The final phase is resource collection, resolving any events, and moving the warp storms which are barriers to movement that move at the end of each turn creating an ever shifting series of barriers.

I have glossed over a lot and there is a lot to Forbidden Stars. Despite everything above, the game plays very smoothly and quickly, most games were over in under an hour. I recommend Forbidden Stars for people who like strategy games and have a passing interest in the Warhammer 40k universe (a deep knowledge is NOT required).

Games We Play: Tokaido & Teaching Warhammer 40k

Day two of weekend of gaming was fun! Only two games, but they were as I said previously, fun. Both games are new to the majority of people playing, making yesterday a teaching gaming day. Those are always fun and fraught with the tension of teaching a game to catch interest and not overwhelming new players so they give up. This is more important with games like Warhammer 40k that has volumes and years of rules. I think I did well, today people are painting their armies. 🙂

Tokaido

Should be a relaxing game. Should be. Unfortunately, Tokaido can and for us did, become rather cutthroat. I mention this upfront because a lot of people, including us, like Tokaido, but they fail to mention that games can turn cutthroat competitive in a heartbeat.

The premise is simple, you are a traveler walking from one end of Japan to the other. Along the way you have to stop at inns for rest and food. Other than that the only other things you have to do is stop at various points between inns, no die rolling, the choice is yours. Stop at a village to shop, a farm for money, visit with some people on the road, hit the hot springs, pay your respects at the temple, or stop to paint. Task completion is easy, draw a card and collect the reward or pay money to purchase one or more cards drawn.

The kicker, movement is always forward, there are only so many spots at each stop, and the player last on the road is the first to move. Here is the cutthroat aspect, if you and another player are attempting the same thing, such as finish a multi-panel painting first, blocking them requires a bit of planning. With less than four players this should not be much of an issue, with five, at one point or another, especially at the end of the game blocking became as much of a strategy as picking spots beneficial to the player.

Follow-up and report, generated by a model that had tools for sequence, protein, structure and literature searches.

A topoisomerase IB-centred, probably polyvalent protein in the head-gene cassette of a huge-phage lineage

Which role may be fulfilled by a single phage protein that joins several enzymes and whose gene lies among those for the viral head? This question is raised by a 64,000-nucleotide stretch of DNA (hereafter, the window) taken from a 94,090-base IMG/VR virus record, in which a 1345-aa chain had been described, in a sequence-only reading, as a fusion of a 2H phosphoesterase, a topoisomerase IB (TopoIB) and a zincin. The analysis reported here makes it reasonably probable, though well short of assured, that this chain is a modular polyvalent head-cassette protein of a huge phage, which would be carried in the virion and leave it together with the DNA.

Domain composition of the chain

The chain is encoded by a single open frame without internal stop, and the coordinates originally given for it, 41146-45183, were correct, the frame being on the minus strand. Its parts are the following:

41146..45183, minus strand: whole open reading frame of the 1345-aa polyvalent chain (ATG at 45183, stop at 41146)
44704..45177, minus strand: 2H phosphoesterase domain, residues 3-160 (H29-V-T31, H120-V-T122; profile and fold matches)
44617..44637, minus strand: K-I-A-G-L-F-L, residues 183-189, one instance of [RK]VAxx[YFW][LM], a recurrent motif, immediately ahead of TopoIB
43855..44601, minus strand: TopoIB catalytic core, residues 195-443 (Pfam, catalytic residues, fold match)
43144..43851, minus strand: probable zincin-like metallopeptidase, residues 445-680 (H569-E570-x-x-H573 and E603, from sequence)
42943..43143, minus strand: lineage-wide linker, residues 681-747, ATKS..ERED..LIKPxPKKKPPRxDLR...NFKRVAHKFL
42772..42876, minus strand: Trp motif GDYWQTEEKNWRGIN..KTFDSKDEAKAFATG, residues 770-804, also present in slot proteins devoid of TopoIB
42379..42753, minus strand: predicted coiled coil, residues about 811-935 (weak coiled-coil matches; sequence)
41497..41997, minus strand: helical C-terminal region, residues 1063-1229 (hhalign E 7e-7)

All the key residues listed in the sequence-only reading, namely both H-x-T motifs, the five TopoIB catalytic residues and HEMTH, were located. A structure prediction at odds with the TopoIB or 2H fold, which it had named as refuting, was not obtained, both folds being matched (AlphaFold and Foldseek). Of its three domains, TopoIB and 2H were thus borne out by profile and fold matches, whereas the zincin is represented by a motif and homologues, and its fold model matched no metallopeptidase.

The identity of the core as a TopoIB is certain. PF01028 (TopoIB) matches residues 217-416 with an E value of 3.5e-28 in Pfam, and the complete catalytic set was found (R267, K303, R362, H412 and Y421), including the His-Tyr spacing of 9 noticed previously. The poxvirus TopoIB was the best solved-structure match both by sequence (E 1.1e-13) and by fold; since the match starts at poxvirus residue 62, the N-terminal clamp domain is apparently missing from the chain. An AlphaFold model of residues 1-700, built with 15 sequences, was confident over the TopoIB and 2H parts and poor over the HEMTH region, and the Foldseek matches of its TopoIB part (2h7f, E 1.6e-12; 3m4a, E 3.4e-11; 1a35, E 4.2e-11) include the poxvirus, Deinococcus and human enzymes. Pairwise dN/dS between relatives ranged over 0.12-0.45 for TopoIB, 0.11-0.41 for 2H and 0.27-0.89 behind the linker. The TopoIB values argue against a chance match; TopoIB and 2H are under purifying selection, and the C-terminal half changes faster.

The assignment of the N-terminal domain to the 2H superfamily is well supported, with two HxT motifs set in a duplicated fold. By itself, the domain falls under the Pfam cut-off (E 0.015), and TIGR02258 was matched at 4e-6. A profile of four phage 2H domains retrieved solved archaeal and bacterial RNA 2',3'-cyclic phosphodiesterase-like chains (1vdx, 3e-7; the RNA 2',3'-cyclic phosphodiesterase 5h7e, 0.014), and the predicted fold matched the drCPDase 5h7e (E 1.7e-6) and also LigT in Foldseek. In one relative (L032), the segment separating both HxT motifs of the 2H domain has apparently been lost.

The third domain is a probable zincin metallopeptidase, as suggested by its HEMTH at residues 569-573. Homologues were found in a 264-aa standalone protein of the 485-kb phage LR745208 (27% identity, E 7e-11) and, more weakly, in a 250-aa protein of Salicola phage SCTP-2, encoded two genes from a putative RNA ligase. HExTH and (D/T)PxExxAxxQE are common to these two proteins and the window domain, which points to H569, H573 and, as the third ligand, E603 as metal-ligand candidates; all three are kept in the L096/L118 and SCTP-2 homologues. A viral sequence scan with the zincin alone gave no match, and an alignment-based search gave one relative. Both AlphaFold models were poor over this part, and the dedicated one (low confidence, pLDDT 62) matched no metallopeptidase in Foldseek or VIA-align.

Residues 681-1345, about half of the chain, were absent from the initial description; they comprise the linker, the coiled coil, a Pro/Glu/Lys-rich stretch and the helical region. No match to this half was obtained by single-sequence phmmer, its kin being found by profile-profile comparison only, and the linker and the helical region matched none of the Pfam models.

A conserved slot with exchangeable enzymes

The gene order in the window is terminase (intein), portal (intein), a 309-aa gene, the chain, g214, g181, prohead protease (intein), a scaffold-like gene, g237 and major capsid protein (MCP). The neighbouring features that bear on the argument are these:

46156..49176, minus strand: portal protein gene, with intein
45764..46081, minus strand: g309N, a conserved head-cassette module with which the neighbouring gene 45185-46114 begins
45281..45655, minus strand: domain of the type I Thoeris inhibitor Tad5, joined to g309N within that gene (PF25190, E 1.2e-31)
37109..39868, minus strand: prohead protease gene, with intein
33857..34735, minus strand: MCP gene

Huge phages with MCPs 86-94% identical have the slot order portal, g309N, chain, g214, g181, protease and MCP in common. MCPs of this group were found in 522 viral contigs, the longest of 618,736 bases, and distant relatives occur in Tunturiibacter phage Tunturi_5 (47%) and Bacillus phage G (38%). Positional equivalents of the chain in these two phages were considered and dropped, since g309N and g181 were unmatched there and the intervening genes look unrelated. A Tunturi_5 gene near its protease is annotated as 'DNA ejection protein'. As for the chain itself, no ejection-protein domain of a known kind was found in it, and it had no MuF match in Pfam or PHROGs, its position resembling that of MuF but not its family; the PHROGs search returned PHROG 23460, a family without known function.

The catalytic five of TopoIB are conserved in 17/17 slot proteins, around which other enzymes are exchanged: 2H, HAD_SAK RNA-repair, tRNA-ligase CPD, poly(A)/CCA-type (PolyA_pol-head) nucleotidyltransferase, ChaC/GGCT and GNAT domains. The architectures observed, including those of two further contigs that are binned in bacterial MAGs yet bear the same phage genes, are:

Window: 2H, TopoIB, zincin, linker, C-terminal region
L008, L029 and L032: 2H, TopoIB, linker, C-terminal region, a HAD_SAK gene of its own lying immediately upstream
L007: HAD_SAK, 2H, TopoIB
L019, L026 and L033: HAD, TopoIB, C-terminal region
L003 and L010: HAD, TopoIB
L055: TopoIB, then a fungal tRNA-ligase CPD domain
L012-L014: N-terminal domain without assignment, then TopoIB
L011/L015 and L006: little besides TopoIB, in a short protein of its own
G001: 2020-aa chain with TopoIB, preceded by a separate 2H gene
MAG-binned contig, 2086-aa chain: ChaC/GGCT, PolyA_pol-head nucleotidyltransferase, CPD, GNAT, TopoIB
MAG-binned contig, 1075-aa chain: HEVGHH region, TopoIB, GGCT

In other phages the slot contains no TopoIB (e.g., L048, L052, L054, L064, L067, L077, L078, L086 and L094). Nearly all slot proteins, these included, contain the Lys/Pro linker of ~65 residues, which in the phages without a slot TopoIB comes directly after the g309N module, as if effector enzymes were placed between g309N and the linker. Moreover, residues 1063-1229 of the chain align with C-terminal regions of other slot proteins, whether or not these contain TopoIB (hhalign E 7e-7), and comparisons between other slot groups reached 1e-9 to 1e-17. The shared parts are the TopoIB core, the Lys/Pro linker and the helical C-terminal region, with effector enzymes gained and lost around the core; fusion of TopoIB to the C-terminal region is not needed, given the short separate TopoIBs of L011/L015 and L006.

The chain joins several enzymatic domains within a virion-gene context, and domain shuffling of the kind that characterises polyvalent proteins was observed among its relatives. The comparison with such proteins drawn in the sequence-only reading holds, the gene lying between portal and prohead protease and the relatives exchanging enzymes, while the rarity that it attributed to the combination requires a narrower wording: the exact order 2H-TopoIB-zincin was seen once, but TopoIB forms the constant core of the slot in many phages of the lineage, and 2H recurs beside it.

Even with the potential for cutthroat play, Tokaido is a game I highly recommend for families. Our kids liked playing a lot, the adults enjoyed playing with the kids, and after the first inn stop everyone should know the rules. Really that simple.

Warhammer 40k

Warhammer 40k is a complex game, not a game I recommend for anyone without them playing a game or two with someone else’s pieces, and the understanding that Warhammer 40k is a very upfront heavy investment of money and time. Catch that?

For our family, 40k is a great game the children are learning:

  • patience
  • painting, a whole set of skills
  • math
  • planning, short and long term
  • risk versus reward
  • and so much more…

The problem for us, other than the lack of gaming for two weeks, only one of us (me) really knows the rules. Unlike many games where one person can know the rules, 40k is best when everyone understands the basic rules, some of the advanced rules, and ALL of the rules of their army. Yes, three sets of rules (see why I don’t recommend this for everyone?).

The goal, to teach everyone including me the basic rules. When stripped down, 40k rules are easy to learn, the big problem for me is the stats, every miniature and every weapon a miniature holds has a stat line, think 4 to 8 numbers and associated use, such as WS for weapon skill how well the miniature is at hitting other miniatures with their fist or weapon in fist or I for initiative used during melee combat or AP for armor piercing, how well a weapon penetrates (negates) armor.

Suffice to say, for me the entire stat thing should be boiled down into something more intuitive and easier, however until I come up with that system or they do we use what we have. The solution to teaching everyone how to play, everyone gets the same people with the same stats. That way they can focus on learning how to move and how to attack.